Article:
How Does Birth Order Influence Your Personality?

January 4, 2019
It's not the same to be an only child as the eldest of two brothers. In this article, we'll explain how your birth order influences the different aspects of your personality.

Siblings take on different roles depending on whether they’re older or younger. In fact, it’s a phenomenon that happens in all families. In this article, we’ll talk about how your position with siblings influences you.

Birth order can have a great effect on kids’ personality and behavior. This is true whether you’re an only child, the oldest, middle or youngest. Without a doubt, birth order is a topic that deserves special attention.

Likewise, we know that the prenatal environment of the mother changes with each pregnancy. After birth, firstborns tend to receive more attention and investment from their parents.

With the arrival of new brothers and sisters, a hierarchy forms. The children choose certain roles or niches within the family to differentiate themselves.

In fact, a recent study estimated that first-born children get approximately 3,000 more hours of time with their parents between ages 4 and 13 than their younger siblings during the same period.

Many think that attention makes them responsible, with greater pressure to succeed and do things right. Also, parents tend to relax with later children.

How does your birth order influence you?

It’s proven that birth order affects the personality of any individual. Even if they share the same father and mother, children don’t all act the same.

It’s fascinating that birth order has an immediate impact on how kids’ personalities develop. Of course, it’s difficult to generalize, but you can identify common characteristics and draw certain conclusions.

The first child

In most houses, the first child is a kind of experiment for new parents. In this situation, most parents use a mixture of instinct, and trial and error techniques.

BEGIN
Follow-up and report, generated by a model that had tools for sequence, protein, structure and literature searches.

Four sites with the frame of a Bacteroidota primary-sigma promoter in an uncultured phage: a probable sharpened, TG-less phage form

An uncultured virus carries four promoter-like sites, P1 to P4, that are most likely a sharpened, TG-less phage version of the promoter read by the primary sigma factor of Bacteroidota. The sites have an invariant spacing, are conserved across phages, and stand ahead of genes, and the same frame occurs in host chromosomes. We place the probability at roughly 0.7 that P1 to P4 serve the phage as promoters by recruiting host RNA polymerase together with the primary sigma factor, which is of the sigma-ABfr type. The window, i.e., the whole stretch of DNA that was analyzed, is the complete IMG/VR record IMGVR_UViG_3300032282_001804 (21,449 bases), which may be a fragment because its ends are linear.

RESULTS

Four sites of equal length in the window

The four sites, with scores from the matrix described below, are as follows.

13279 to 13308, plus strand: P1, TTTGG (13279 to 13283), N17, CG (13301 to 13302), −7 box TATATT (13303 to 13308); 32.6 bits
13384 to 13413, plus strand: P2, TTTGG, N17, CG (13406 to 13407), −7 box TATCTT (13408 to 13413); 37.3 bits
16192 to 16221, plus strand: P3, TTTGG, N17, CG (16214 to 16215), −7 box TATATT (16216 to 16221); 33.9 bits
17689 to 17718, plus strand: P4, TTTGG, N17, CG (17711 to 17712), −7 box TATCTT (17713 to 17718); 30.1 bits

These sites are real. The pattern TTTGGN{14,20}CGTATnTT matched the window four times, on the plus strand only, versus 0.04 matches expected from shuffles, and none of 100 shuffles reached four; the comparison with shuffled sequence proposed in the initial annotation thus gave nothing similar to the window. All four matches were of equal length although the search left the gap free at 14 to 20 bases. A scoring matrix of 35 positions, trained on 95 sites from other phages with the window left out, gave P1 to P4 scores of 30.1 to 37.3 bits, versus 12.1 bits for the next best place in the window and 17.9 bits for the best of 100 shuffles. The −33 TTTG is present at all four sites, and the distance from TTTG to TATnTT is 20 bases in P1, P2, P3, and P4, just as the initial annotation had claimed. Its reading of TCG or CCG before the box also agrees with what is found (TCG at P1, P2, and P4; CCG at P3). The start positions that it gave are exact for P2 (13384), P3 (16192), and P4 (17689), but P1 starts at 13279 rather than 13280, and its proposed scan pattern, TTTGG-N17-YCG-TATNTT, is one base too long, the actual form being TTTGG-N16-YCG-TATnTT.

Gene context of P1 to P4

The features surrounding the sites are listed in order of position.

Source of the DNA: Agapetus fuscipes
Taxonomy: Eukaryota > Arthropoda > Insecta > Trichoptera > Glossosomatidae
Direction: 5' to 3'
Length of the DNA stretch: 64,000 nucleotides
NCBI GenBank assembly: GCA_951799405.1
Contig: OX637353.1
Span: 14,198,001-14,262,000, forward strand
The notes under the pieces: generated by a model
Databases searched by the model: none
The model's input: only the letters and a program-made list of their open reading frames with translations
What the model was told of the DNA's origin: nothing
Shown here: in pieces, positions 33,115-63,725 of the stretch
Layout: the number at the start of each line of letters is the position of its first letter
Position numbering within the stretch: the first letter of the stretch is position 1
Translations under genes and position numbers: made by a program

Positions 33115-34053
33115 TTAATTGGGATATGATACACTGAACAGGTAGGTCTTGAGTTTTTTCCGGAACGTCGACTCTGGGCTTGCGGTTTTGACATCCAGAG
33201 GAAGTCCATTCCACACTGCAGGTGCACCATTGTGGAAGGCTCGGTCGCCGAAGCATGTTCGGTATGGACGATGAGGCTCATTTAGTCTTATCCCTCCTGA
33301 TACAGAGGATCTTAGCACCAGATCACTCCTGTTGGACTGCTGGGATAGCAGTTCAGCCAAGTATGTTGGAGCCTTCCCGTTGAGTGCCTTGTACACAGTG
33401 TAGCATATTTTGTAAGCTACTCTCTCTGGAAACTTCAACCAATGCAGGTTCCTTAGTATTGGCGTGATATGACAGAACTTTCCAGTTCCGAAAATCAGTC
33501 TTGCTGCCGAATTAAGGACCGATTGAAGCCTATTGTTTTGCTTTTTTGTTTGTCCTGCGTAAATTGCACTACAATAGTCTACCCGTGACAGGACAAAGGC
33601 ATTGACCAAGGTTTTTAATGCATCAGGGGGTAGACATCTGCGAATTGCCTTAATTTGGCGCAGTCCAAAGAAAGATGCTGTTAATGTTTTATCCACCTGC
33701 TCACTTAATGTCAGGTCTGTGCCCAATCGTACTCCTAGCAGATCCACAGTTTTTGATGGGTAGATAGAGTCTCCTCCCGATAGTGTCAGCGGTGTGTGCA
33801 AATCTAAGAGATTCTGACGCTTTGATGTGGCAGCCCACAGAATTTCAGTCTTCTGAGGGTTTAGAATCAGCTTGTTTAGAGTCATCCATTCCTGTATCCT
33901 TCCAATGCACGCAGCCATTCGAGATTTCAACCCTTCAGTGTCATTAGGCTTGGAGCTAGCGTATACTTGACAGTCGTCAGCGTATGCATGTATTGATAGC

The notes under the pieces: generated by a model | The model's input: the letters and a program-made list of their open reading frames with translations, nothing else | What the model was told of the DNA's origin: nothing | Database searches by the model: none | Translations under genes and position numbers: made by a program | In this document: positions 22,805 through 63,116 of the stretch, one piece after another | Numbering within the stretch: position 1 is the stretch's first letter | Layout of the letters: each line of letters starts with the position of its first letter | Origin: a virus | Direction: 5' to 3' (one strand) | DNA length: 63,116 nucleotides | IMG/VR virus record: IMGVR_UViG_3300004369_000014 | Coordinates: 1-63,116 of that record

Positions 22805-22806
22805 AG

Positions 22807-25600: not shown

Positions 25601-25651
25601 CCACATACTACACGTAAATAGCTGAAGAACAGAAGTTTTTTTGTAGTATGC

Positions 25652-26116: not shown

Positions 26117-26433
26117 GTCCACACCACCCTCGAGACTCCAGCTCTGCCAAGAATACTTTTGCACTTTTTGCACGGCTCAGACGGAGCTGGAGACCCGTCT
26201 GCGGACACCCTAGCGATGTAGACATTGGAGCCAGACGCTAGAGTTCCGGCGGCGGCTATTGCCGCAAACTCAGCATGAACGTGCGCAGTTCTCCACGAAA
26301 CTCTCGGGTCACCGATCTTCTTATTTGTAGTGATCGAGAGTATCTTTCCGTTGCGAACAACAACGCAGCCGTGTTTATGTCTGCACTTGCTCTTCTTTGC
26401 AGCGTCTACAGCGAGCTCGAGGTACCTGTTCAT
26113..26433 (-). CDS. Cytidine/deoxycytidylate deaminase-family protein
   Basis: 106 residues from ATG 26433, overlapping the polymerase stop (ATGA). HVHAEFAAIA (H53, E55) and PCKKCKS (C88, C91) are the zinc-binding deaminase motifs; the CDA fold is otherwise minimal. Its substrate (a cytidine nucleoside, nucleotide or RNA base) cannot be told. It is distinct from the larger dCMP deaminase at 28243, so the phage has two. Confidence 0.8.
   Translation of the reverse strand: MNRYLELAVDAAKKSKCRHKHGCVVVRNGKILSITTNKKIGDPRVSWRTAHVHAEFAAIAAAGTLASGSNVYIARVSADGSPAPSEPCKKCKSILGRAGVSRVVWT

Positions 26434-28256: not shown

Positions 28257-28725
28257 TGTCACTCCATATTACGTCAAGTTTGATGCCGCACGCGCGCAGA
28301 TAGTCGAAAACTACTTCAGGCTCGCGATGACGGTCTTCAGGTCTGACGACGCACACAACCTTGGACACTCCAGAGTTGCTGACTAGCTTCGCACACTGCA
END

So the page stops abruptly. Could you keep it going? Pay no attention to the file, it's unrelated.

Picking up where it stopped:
How Does Birth Order Influence Your Personality?

As a result, parents are extremely attentive caregivers with very strict rules. In turn, it causes first children to become perfectionists, always striving to please the parents.

The second child

With the arrival of the second child, parents tend to become more permissive. This is due to their experiences with the first.

It’s possible that the second child, used to sharing attention with the first, becomes much more independent. This child may also not need to call for help as many times as the older sibling.

Younger siblings often don’t have as many responsibilities and more freedom. They often try and do things their own way.

Middle children

Children born in the middle tend to be less defined in their personalities than their younger or older siblings. In fact, they can adopt the behavior of older or younger siblings, or they can find some combination of the two.

In addition, they usually have the ability to see things from the perspective of other people. This is because they always maintain the challenge of being connected and navigating the events of the people around them.

“With the arrival of new brothers and sisters, a hierarchy forms. The children choose certain roles or niches within the family to differentiate themselves.”

Only children

Only children don’t have the need to compete with the other siblings. This brings them to monopolize all the attention and resources of their parents.

They don’t do this for a short amount of time, but rather forever. Undoubtedly, this makes children have the privilege of having all the support from their parents all the time.

According to birth order, only children have many characteristics of older adults, but with less intensity. They aren’t pushed aside by the arrival of a new sibling. They don’t have the pressure to lose their privileged position.

How Does Birth Order Influence Your Personality?

In addition to birth order, it’s important to take into account the fact that parents treat their children differently. This fact, of course, shapes their children’s attitudes and behaviors.

The reality is that birth order can hardly seal the fate of children. Kids’ personalities are still a random mixture of their own genetics and the experiences they face in childhood.

Therefore, if birth order pushes them in certain directions, it’s only a small piece of an elaborate puzzle. Parents, of course, will be key players in this whole process.